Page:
Earth Snapshot RSS Feed Twitter
 
 
 
 

Posts tagged American Samoa

Tropical Cyclone Garry (10P) North of American Samoa

14.3S 170.7W

January 22nd, 2013 Category: Tropical Storms

Tropical Cyclone Garry (10P) – January 21st, 2013

Enhanced image

Track of Tropical Cyclone Garry (10P) - January 21st, 2013 © Univ. of Wisconsin

Track of TC 10P

Tropical Cyclone Garry (10P), located approximately 140 nm north of Pago Pago, American Samoa, has tracked east-southeastward at 07 knots over the past six hours. Maximum significant wave height is 16 feet.

Animated infrared satellite imagery continues to indicate slow consolidation with deep convective banding confined to the eastern semi-circle. An SSMIS 37ghz image depicts curved convective banding wrapping into the LLCC. There is fair confidence in the initial position, which is positioned on the western edge of the deep convection.

The initial intensity is assessed at 40 knots based on an average of Dvorak estimates ranging from 35 to 45 knots. Surface observations at Pago Pago remain light at 10 to 15 knots. Upper-level analysis indicates a generally favorable environment with weak northwesterly vertical wind shear and fair poleward outflow.

TC 10P is forecast to track east-southeastward under the steering influence of the low- to mid- level near-equatorial ridge through TAU 72 but should turn southeastward in the extended TAUs as the subtropical ridge builds east of the system. With the exception of NOGAPS, model guidance is in good agreement. There is high confidence in the JTWC forecast track, which is positioned faster and equatorward of the multi-model consensus. TC 10P is forecast to intensify to a peak intensity of 75 knots by TAU 72.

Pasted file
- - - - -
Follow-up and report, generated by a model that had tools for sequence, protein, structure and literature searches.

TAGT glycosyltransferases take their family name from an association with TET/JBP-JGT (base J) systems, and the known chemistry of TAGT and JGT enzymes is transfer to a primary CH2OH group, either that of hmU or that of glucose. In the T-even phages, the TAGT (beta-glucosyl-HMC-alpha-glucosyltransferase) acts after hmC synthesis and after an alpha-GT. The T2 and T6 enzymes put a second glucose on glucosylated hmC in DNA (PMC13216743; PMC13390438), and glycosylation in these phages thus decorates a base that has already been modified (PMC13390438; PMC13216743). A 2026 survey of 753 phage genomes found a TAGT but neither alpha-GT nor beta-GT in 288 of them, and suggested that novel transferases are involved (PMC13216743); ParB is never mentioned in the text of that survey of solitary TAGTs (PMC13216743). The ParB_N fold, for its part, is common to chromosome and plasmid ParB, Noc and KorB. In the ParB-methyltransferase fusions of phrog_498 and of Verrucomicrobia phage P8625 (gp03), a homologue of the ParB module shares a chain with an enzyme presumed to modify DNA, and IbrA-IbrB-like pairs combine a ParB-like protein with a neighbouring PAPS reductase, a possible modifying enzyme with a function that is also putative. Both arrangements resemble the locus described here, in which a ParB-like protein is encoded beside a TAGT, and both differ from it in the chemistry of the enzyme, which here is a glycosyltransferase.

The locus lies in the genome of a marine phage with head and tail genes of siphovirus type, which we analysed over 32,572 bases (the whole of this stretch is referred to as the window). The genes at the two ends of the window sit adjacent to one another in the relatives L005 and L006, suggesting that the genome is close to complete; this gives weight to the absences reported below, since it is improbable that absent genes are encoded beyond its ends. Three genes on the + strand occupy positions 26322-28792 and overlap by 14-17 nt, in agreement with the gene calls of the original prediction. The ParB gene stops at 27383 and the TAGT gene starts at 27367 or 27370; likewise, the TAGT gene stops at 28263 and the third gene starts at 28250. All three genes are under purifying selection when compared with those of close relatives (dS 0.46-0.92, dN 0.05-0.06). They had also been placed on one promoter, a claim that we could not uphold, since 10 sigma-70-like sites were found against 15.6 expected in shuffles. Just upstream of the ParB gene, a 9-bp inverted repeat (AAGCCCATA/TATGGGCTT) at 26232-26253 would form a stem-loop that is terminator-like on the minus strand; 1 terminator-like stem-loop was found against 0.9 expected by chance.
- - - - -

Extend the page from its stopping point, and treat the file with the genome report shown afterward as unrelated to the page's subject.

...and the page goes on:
Severe Tropical Cyclone Evan (04P) Hits Samoa

22.5S 154.6W

December 17th, 2012 Category: Tropical Cyclones

Tropical Cyclone Evan (TC 04P) – December 17th, 2012

Enhanced image

Track of Tropical Cyclone Evan (TC 04P) - December 17th, 2012 © Univ. of Wisconsin

Track of TC 04P

Severe Tropical Cyclone Evan (RSMC Nadi designation: 04F, JTWC designation: 04P) is considered to be the worst tropical cyclone to hit the island nation of Samoa since Severe Tropical Cyclone Val.

The first cyclone of the 2012–13 South Pacific cyclone season, Evan developed from a tropical disturbance on December 9 north-northeast of Fiji. The storm moved east and impacted Samoa and American Samoa; Evan also hit the French islands of Wallis and Futuna and is currently active.

On December 9, the Fiji Meteorological Service’s Regional Specialized Meteorological Centre in Nadi (RSMC Nadi) started to monitor a weak tropical depression, that had developed within the South Pacific Convergence Zone (SPCZ), about 700 km (430 mi) to the northeast of Suva. Over the next two days, the depression gradually developed further in an area of low vertical windshear and favourable sea surface temperatures of about 28 – 30 °C (82 – 86 °F), as it was steered eastwards by an upper level ridge of high pressure.

At 1800 UTC on December 11, the United States Joint Typhoon Warning Center (JTWC) started to issue advisories on the system and designated it as Tropical Cyclone 04P, after 1-minute sustained winds had become equivalent to a tropical storm while the system’s low level circulation centre was rapidly consolidating. RSMC Nadi then reported early the next day that the system had become a category one tropical cyclone on the Australian tropical cyclone intensity scale and named it Evan, while located about 410 km (250 mi) to the west of Pago Pago on the American Samoan island of Tutuila.